Everything, Everything – Nicola Yoon


Publisher: Penguin

Release Date: 2015

Genre: Young Adult


amazon co-uk  book-depository


My disease is as rare as it is famous. Basically, I’m allergic to the world. I don’t leave my house, have not left my house in seventeen years. The only people I ever see are my mom and my nurse, Carla.

But then one day, a moving truck arrives next door. I look out my window, and I see him. He’s tall, lean and wearing all black—black T-shirt, black jeans, black sneakers, and a black knit cap that covers his hair completely. He catches me looking and stares at me. I stare right back. His name is Olly.

Maybe we can’t predict the future, but we can predict some things. For example, I am certainly going to fall in love with Olly. It’s almost certainly going to be a disaster.

Maddy and her illness

Maddy Whittier is turning 18 at the beginning of this book. She lives in a white room, with white furniture and wears only white clothes. Maddy is a bookaholic with her books arriving brand new, decontaminated and vacuum sealed. This is because she has a form of SCID (Severe Combined Immunodeficiency) otherwise known as ‘bubble baby disease‘.

Since Maddy was a baby she has lived in a sealed environment as any outside germ could make her ill. It has been this way since her father and brother died when she was just a few months old. Her house has a decontamination pod that all visitors must pass through and the only air in the room is filtered and replaced every four hours. The only people Maddy interacts with are her mother, her nurse Carla and on occasions a teacher, although she carries out her classes via Skype.

When we meet Maddy she has never known anything different, filling her life with pumpkinhomework and reading. She has a small online presence for her short spoiler book reviews and spends her evenings playing games with her mother. She is happy with her life and doesn’t consider the outside world much. That is until the new neighbours arrive. Olly, the parkour fanatic immediately grabs her attention, he moves with fluidity climbing up to his roof and across his porch.


Spoiler alert: Boys are savages

Yoon, N. 2015, p.34


Maddy quickly starts up surveillance on her new neighbours and finds a not so happy family. Olly’s father is an alcoholic who often takes it out on his mother and the rest of the family. Olly’s sister, Kara, chain smokes and Olly spends a lot of time on the roof out of sight of Maddy’s window.

However, it is not long before Olly is just as interested with Maddy and writes his e-mail address on his window for her. This starts their relationship which we follow through email and airplaneIM conversations. Maddy finds Olly to be amazing, fun, brave and full of energy; he breathes the world she cannot and moves with a motion she can only dream of. For Olly, Maddy is exotic and mysterious, the girl who doesn’t leave the house. Sharing their love of books, and discussions over limericks vs haikus, Maddy and Olly find a connection. It is through Olly that Maddy starts to feel and see the world, he is the only thing in her life that is new, fresh and surprising.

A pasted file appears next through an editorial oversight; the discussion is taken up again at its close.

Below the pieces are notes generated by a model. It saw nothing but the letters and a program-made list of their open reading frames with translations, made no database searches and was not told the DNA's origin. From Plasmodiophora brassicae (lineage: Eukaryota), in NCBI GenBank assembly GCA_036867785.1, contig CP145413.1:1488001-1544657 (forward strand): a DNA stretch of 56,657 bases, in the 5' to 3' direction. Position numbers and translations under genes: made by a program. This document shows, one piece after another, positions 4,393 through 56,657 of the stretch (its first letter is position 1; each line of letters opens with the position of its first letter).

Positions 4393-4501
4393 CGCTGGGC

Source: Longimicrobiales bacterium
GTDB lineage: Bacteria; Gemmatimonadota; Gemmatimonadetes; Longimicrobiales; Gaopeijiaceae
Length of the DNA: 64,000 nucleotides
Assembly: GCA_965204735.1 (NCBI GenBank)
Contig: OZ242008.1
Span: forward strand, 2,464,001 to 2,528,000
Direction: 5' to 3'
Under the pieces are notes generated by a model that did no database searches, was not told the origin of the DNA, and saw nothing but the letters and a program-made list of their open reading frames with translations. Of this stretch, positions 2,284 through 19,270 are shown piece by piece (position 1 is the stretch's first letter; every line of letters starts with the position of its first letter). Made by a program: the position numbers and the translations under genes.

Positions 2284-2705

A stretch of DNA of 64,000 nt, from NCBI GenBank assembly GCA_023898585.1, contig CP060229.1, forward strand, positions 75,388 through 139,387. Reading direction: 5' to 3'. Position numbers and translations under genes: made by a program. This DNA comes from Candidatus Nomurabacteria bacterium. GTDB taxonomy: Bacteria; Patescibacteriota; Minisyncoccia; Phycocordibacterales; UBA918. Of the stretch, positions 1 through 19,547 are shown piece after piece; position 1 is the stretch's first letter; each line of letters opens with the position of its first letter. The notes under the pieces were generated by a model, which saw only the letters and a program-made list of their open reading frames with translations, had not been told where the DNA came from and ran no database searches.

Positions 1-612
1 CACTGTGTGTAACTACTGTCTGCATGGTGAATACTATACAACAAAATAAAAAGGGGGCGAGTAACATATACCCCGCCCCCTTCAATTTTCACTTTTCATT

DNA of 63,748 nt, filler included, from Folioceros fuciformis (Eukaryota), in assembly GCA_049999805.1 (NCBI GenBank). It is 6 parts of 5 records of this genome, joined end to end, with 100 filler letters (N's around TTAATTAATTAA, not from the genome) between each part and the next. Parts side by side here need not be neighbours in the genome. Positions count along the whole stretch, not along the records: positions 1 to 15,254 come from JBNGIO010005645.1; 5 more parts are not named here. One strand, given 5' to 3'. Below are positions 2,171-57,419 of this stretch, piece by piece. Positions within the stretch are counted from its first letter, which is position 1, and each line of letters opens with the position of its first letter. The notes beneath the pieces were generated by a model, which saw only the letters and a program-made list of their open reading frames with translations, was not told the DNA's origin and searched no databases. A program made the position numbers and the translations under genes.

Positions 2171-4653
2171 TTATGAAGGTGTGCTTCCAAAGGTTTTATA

For the first time, Maddy finds it hard to speak with her mother, preferring to keep Olly and their budding friendship to herself. She knows that her mum will not approve and will worry if Maddy has someone else in her life. As her doctor, her mother constantly worries about her and is desperate to keep Maddy safe after the death of her husband and son.

The only person she can speak to is Carla, her nurse. Having been with Maddy for many years and having a daughter of Maddy’s age, she knows how to reach Maddy and make her feel less alone. She is the one person Maddy can trust and turn to, no matter what.

Maddy is alive with Olly. The only question is how far she is willing to go for love.

The book

Everything, Everything draws you in from the first page. Written in the style of a diary, Maddy shares her thoughts and experiences. She fills it with sketches, her emails and copies of her tests.

Written in short chapters, interspersed with hand sketches the book is easy to read. Maddy is intelligent yet naive, you experience her start to worry about her appearance, and how her clothes fit. It is great to see her go through the normal things a teenager would go through when falling in love for the first time. It’s written in a beautifully honest way, reflecting Maddy’s need for human interaction.


“I am not lonely, Mom, ” I snap. “I am alone. Those are different things.”

Yoon, N. 2015, p.158

Final thoughts

I read Everything, Everything in two sittings, and all I can say is wow. It took me a few chapters to get used to the way in which it was written, however, once I got comfortable with Maddy it was hard to put down.  It was so well structured that I never questioned it or the choices made by Maddy.

It is very rare that a book can surprise you such as this does. I started out thinking it was just a story of a young girl finding love and living through another, however it turned out to be so much more.

I cannot recommend it enough, and would to everyone, especially as it is around 300 pages long, and so can be read by even the busiest of people.


5/5 Stars

I read Everything, Everything as part of the Zoella bookclub which was exclusive to WHSmith.

WHSmith included many additional things on their blog in relation to the books, some of bookclubwhich I’ve listed below:

Zoella and WHSmith’s reviews: here

A deleted scene from the book: here

Everything, Everything soundtrack: here

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